One of the indelible impressions that going around Cebu City left me is that Cebuanos simply love to eat. I’ve visited this so-called Queen City of the South every year for the last four or so years and seeing new eating places coming up just amazes me. The last time around was for another work assignment when we went around and saw signages on lampposts advertising either lechon (roast pig) and pochero, a kind of beef soup.
Hmmm, our group didn’t have have the opportunity to try Cebu’s version of the pochero but we got to sample delicious fare here and there, some more worth remembering than the others. We’re really just scratching the surface of the Cebu foodscape here but what the heck, it’s my modest contribution to the online literature extolling the flavors of the city’s food offerings and celebrating the Cebuanos’ love affair with food.
Sutokil? No Problem!
Oh, you probably knew where the tongue-in-cheek name came from — Sugba (grilled), Tinowa (stewed in sour soup base), Kilaw (cooked not with heat but vinegar or lime juice) — so I wouldn’t dwell on it. We arrived at No Problem Restaurant to eat a very late lunch at 4:30pm due to a rather hectic itinerary but I, personally, wouldn’t want to miss this chance. No Problem is no frills, with a dining area that sits on stilts over a mangrove area. There’s cheap plastic covering the long wooden tables and the creaking wooden floor oftentimes yield sea roaches but remember that you came here for the food.
It’s hard to believe this restaurant is over two decades old but I guess the come-ons of unpretentious preparation, freshly-cooked flavors and low prices are time-tested alternatives to the pomp and frills of the restaurants that has come and gone during those years. We chose from the array of fresh fishes and seafood at the entrance and feasted on Shrimps in Sweet and Sour Sauce (P375/kilo), Lapu-lapu in Soy Sauce(red grouper) and Grilled Scallops in Lemon-Butter Sauce (P320/kilo) while our loquacious servers regaled us with tales of love found and love lost. Hmm, the way we were eating the past days, it seemed we in turn have tales of pounds found and pounds we must lose.
This is the birthplace of the famed Lechon Bisaya so it’s understandable that the locals I’ve spoken to were hard-pressed to say which lechon (roasted pig) is the best. Our group heard of Rico’s in Talamban and knew we had to put this to the taste/test. We had to wait for over an hour as Mang Rico’s young hands roasted a pig to a wonderful crisp. As usual, the skin is very much coveted but I must say the laman (meat) was fully cooked and flavorful owing to the stuffing — a motley mix of tanglad (lemongrass), other kinds of leaves, salt and seasoning, the composition of which is a guarded family secret. Certainly not everyday fare but a very worthwhile indulgence (Prices from P2,500-P5,000 depending on size of the pig).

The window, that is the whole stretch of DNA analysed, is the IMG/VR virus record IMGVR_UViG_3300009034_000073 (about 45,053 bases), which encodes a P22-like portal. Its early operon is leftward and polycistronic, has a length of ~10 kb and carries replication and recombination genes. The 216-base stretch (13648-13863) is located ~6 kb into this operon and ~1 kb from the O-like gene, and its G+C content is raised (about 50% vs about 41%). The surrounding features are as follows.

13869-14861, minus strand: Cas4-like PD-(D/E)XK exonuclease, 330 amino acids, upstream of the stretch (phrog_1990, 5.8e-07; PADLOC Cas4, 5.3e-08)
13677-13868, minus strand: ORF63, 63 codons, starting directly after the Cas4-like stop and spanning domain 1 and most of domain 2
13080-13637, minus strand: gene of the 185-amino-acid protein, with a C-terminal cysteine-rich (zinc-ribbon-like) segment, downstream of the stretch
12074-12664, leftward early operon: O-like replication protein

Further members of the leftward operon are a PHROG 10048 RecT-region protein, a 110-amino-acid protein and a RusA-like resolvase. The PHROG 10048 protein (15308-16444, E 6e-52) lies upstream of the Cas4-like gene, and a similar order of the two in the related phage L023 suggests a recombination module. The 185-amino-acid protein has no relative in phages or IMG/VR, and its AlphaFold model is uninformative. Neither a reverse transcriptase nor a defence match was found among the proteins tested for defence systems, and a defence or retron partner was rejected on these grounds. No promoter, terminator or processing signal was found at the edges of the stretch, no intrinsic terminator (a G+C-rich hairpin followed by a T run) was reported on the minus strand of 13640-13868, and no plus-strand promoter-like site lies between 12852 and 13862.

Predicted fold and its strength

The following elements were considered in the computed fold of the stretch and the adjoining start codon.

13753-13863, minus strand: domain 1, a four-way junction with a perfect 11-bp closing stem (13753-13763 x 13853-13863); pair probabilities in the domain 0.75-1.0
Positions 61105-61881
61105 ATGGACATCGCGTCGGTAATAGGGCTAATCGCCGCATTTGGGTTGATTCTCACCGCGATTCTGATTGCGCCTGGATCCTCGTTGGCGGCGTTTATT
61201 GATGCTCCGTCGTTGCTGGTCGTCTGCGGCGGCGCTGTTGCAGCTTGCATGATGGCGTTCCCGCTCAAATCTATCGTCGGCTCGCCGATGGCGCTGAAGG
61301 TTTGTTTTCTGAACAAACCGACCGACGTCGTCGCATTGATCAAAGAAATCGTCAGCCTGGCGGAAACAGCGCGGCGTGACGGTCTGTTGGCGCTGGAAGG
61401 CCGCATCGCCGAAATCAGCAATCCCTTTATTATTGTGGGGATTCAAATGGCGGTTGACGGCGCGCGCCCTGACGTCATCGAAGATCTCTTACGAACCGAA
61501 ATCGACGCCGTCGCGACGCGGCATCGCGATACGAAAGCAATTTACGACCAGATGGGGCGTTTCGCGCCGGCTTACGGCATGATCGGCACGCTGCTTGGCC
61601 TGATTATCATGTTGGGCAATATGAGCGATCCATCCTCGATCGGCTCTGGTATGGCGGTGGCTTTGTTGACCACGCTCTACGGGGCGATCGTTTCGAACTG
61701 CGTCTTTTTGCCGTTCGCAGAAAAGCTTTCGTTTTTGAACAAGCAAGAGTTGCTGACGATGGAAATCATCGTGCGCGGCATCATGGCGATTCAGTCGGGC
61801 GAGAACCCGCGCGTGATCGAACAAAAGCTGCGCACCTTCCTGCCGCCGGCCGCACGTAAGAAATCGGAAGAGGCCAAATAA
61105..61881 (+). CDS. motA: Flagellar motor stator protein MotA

From streetwise to swanky.
I wish we could have come on a different night to Abaca in Punta Engaño Road in Mactan so I could have taken even a shot of the glorious food as it was dark when we got there. But even so, I feel it’s worth a mention here. It’s not-for-nothing that it’s one of the latest, must-eat-here places in Cebu, the good food is personally prepared by Jason Hyatt who has worked with Wolfgang Puck. His pizzas are paper-thin (the way I like them). Why, even his salads are laced with his plump and fruity heritage tomatoes. The dining area overlooks a view of the private jetty and the sea, lit with candles and wall scones which makes the place ideal for convivial dining with friends or romantic dates. One of the benefits of going on a business trip is foregoing paying a hefty bill which costs upwards of P1,600 per head for a full course meal.
I’m not a party-goer but going on an after-dinner trip to Formo in Banilad is worth it even just for the taste of the Sweet and Spicy Home-made Potato Crisps. Thinly-sliced and delicately-flavored, they go well with the Mojitos (available in 5 fruity flavors) or in my case, the ever-reliable iced tea. There’s also the original salted variant but I prefer the sweet and spicy one.
After a filling day, a sweet ending.
A sweet way to cap the day will be at Cafe Georg, also in Banilad, or its smaller but no less cozy store, Oh Georg! at the Ayala Center. They have a wide selection of desserts but don’t forget the Tiramisu — it’s certainly worth the trip to Banilad even if you happen to be based in Mactan. Go ahead, order one or two dessert item to go along with your java.
No Problem Restaurant
Mactan Island • (6332) 495.8101
Hiway 77, Talamban • (6332) 344.0119; (0971) 407.2033
Punta Engaño, Mactan Island • (6332) 495.8546
Banilad Town Centre (6332)420.7070
G/F MILD Bldg., Banilad • (6332) 234.0887
Level 1, Ayala Center • (6332) 233.4735